If there’s one word every writer dreads and every story executive demands, it is “Epiphany”. That moment when the penny drops for the lead character and he realizes what the point of his cinematic journey has been, understands how to overcome the obstacles placed in his path, discovers what will bring about a successful resolution.
Without that moment the development exec knows the story probably won’t work. For cinema (and TV) is about transformation – facing a fear and finding a way to overcome it and go on to a better life.
But for the writer, scripting that scene is a bitch.
The audience can’t see it coming, but have to have all the information to know it when they see it. It’s gotta be a surprise, a revelation, a moment of blinding awe and inspiration.
Writers beat their heads against the Epiphany for hours, days, weeks even years. It demands they look at their story and their characters from every conceivable position plus a few that didn’t even make it into the Kama Sutra.
It’s hard work. The kind that makes writing painful and scary for many, causes more than a few to avoid the task at all costs and probably accounts for most cases of writer’s block.
Sometimes it wears down the development executives and the producers as well. The clock is ticking. The set needs pages. Why not just go with this. It’s worked before.
Such decisions let everyone get on with their lives – and ensure that actors like Steven Seagal maintain a career.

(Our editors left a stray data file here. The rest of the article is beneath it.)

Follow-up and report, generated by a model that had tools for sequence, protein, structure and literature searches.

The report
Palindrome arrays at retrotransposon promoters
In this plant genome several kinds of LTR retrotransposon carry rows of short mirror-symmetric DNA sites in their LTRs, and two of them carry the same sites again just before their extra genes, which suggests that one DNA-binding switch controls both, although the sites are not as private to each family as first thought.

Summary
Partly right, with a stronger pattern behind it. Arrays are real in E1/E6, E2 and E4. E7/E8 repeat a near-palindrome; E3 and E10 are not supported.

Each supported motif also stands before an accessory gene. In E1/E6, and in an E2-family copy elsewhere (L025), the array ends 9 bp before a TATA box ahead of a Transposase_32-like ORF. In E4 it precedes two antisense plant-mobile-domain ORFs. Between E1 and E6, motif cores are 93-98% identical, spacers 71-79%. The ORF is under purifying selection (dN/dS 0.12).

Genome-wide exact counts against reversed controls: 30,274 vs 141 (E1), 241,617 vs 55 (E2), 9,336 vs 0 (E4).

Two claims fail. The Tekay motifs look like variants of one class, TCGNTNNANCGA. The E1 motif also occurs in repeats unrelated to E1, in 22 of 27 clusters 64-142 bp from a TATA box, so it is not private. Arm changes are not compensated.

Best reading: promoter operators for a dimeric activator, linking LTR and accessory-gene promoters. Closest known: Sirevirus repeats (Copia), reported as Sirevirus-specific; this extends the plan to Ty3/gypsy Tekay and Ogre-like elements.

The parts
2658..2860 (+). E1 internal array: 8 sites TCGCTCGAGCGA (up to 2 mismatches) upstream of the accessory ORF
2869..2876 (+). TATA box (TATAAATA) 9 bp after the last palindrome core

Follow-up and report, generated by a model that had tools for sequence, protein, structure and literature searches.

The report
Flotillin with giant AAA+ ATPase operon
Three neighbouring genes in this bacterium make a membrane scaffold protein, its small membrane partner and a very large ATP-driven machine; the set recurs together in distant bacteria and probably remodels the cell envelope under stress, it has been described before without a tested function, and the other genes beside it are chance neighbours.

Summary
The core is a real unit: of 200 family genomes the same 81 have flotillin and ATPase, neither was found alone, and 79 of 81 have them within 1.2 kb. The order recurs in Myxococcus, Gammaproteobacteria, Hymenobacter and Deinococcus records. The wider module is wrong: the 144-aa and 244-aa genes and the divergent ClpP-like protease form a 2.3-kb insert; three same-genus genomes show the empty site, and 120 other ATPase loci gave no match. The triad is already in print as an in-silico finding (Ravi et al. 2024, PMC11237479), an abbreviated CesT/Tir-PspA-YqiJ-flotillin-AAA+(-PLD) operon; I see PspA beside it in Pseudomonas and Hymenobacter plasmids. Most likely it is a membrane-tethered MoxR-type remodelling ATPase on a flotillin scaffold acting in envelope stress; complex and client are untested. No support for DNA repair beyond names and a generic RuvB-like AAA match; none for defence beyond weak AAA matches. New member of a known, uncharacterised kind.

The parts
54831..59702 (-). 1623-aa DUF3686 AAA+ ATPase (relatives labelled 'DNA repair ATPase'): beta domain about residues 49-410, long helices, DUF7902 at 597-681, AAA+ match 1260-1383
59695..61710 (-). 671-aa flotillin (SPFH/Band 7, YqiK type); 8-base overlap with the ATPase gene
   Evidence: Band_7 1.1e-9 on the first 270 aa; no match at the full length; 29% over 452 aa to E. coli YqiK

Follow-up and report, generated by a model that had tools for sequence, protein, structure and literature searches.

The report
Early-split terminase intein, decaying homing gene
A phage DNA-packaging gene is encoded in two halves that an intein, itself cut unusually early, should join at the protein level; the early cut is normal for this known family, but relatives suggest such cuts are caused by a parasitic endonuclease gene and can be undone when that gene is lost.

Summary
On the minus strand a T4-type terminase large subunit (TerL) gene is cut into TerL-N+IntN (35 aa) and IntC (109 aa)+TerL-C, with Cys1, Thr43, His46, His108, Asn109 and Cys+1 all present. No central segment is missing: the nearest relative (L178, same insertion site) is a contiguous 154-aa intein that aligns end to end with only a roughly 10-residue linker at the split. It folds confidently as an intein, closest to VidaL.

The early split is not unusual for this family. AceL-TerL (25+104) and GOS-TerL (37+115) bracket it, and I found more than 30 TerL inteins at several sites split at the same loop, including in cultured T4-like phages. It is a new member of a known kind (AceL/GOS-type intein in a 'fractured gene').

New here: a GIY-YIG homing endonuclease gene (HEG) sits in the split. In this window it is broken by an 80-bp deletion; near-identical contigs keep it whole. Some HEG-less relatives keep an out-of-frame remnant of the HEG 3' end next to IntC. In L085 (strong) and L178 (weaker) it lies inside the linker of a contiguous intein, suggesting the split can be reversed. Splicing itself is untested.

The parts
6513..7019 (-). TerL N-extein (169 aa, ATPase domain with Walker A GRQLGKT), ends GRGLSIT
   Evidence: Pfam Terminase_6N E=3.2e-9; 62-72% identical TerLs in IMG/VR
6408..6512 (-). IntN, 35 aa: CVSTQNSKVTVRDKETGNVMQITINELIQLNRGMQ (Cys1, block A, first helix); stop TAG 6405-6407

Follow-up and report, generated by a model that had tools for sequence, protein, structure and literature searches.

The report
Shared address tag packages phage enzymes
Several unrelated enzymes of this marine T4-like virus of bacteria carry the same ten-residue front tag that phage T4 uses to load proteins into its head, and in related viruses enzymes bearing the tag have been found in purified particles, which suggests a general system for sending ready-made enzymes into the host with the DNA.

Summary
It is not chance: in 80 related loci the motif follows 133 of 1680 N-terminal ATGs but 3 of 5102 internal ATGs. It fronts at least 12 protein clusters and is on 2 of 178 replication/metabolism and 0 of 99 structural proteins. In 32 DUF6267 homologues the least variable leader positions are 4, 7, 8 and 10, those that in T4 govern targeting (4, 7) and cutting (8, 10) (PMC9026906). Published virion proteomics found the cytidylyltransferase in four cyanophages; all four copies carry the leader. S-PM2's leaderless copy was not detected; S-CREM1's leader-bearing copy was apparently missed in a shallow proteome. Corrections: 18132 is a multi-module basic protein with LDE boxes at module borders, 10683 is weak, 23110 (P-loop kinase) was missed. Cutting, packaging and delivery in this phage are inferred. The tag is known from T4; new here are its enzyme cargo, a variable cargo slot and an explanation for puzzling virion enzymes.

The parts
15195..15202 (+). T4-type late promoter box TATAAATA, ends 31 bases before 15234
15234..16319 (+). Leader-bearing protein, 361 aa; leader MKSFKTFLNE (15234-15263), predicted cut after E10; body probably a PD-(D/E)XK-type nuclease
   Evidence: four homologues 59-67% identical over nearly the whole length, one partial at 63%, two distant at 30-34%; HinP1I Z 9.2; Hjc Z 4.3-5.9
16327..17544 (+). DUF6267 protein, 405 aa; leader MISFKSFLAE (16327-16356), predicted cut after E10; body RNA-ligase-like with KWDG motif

Safe mode is only a keystroke away.
But the reality of writing is that when you sit down to write you are taking a journey. It’s going to be long and hard. You may know exactly where you want to go. But the journey will be the one who determines what awaits you at the end.
So many elements of any journey are beyond our control. The weather changes. Planes get delayed. While you’re in the air there’s an earthquake at your destination or the economy collapses.
What we think we’re looking for is not always what we find.
But when you look back on the journeys you’ve taken – aren’t the ones with the unplanned for, unexpected twists and turns those you remember the most?
It’s the same for an audience.
I’m betting that in the last few days, a lot of writers reading this made a commitment to write something really good in 2012. To finally start or finish that story they’ve always wanted to write.
Now it’s a week into the new year. The house has never been cleaner. Everything on the “Honey-Do” list has been crossed off. You’ve even sorted all your socks and tax receipts.
But that story is still tapping its foot inside your subconscious –- waiting to hit the road.
Because the road is hard and it wears you down. And there’s always that one big hill you know you won’t be able to avoid.
Maybe you need to look at the other definition of Epiphany. The original meaning in ancient Greek -- “A Vision of God”.
In the Christian Calendar Epiphany was this weekend, January 6th – 12 days after Christmas and symbolizing the Magi (on their journey) discovering God in human form.
Whether you believe in that stuff or not is up to you. The point is, in a movie about the three wise men that discovery is their moment of…
They didn’t see it coming. It changed them completely and it made all they’d been through and still had to face worthwhile.
That’s how you have to approach your writing. Accept and try to enjoy the trials and tribulations of the journey. When you arrive at an unexpected place, don’t give up and go back and try to find the Interstate.
Let the journey take you where it wants to go.
Because when you arrive at that dreaded “E” moment, it will be so much better than what you thought you were seeking. It’ll be a surprise to you and perhaps a revelation. Which means it’s gonna awe the shit out of your audience and development exec.
The journey’s joys always outweigh the pain.